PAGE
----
The Ministers: Dr. Jane Philpott takes charge of Canada’s health-care system
Global News correspondents are sitting down with the new cabinet ministers who will shape policy in this country, to find out where they came from and where they want to take this country. Global National will air their stories in a new series called “The Ministers”.
OTTAWA — Health Minister Dr. Jane Philpott says she’s not convinced a lack of money is the biggest problem facing Canada’s health-care system.
The new health minister, who has worked for decades as a family physician, has been given the job of negotiating a new health accord with the provinces.
Currently, Ottawa is boosting health transfers to the provinces by six per cent a year, but those large increases will come to an end in 2017-18.
Philpott says when she sits down with her provincial counterparts her focus will be less on how much more money Ottawa needs to give to the provinces and more about reforms to the health-care system.
“Money isn’t necessarily where the problem is,” she told Global News in an interview. “I don’t think Canadians necessarily want us to spend more on health care.”
Philpott believes the negotiations should focus on changing the way health care is delivered to Canadians.
She believes making those changes will lessen the financial pressures on Canada’s medical system.
“What we’re looking at doing largely will be system reform. What needs to be transformed in the way we deliver care. In the kinds of incentives that are provided around care.
“I’m hoping we’ll be able to do a lot of work without necessarily spending a lot more money, and, in fact, there’s a lot of room for saving money.”
The health minister says providing Canadians with better access to home care and taking steps to reducing the costs of pharmaceutical drugs are just some of the steps that need to be taken to make the medical system more efficient and cost-effective.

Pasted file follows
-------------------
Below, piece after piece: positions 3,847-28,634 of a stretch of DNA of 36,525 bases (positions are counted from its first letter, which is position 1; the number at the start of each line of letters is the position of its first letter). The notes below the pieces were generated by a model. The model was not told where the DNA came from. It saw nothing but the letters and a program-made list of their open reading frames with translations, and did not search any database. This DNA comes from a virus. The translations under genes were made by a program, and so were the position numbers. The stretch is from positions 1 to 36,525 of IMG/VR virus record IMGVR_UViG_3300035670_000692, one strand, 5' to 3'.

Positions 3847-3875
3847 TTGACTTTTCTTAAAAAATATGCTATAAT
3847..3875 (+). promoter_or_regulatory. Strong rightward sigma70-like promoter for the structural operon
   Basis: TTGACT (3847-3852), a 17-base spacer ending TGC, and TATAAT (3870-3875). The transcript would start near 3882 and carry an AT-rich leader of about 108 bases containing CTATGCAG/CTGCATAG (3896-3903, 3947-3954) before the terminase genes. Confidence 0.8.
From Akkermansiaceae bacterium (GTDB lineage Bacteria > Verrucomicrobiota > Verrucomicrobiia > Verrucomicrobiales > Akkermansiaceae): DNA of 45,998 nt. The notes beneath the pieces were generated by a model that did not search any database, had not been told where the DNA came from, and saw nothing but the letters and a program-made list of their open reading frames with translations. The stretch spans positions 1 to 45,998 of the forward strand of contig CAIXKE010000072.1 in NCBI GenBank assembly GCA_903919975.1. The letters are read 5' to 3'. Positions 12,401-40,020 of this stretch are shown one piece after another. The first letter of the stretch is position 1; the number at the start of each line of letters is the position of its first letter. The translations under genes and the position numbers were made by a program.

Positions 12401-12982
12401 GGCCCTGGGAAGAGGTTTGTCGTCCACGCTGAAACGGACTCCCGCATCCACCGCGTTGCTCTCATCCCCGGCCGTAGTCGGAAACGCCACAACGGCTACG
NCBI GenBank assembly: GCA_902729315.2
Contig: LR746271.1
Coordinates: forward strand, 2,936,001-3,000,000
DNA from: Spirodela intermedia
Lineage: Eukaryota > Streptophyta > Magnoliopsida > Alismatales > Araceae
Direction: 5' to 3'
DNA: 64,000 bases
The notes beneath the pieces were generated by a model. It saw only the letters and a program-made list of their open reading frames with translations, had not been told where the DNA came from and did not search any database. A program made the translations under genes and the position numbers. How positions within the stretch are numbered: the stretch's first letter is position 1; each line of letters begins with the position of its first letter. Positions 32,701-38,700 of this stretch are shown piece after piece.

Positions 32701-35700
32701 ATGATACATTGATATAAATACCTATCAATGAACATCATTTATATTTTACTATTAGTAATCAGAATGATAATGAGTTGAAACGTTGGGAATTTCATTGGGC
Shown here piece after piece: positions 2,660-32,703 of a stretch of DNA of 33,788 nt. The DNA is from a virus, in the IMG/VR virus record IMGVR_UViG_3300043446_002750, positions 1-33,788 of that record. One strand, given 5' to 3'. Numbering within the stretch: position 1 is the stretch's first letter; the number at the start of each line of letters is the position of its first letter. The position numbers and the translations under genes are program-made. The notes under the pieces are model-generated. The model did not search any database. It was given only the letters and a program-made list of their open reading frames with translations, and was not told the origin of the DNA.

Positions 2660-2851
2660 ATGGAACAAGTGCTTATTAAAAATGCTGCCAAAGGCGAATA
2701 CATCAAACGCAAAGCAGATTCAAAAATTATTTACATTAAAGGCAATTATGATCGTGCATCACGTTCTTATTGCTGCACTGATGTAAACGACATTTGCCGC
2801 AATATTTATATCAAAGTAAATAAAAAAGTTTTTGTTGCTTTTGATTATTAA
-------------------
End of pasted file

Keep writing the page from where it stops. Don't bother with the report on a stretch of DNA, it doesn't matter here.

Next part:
Philpott says the fact that she has been a family physician for decades gives her a “tremendous advantage” as she begins to chart a future course for the health care system.
Before running for office, she served as the chief of the Department of Family Medicine at Markham Stouffville Hospital.
Her medical career also brought her to Niger, where she practised family medicine and helped train village health workers.
It was there that tragedy struck Philpott’s family.
Her first born child, her daughter Emily, died from meningococcemia. She was two and a half years old.
But Philpott refuses to view this tragedy solely through a personal lens.
“It was the worst day of my life. But at the time my daughter died in Niger, 27 per cent of kids in Niger didn’t live to see their fifth birthday,” she says. “And to me, that’s completely unacceptable in a world that can send people to the moon.”
When she returned to Canada, Philpott threw herself into helping raise funds to battle the AIDS epidemic. She founded Give a Day to World AIDS, which has raised more than $4 million to help HIV/AIDS patients in Africa.
Now, as Canada’s new health minister, Philpott has to address a wide variety of health issues.
One of the more thorny is assisted suicide.
A deadline is looming for the federal government to come up with new legislation that will respond to a Supreme Court ruling, that said Canadians have the right to end their lives with the help of a physician.
When asked if she, personally, as a physician, would be comfortable helping a patient end their life, Philpott refused to divulge her personal beliefs.
“While I have my own personal opinions on certain issues, as the Health Minister it’s important that I look at this from a much broader perspective than simply my own.”
The one part of her personal life she is comfortable discussing is music.
Philpott leads singing at the Mennonite Church she attends in Stouffville and she says it brings her great joy.
“I love music. I love four part harmony. I love when people can sing together. It makes me happy.”
And Philpott’s favourite song? It’s the hymn Be Still My Soul — a song that carries great personal weight, and meaning.
“It’s a song that was sung at my daughter’s funeral,” she says.
“It talks about patience and bearing burdens and it helps me to understand that no matter what trials we face in life, we sometimes need to be patient. That we sometimes need to bear the burdens of one another. And, it’s a song that ultimately gives me hope.”
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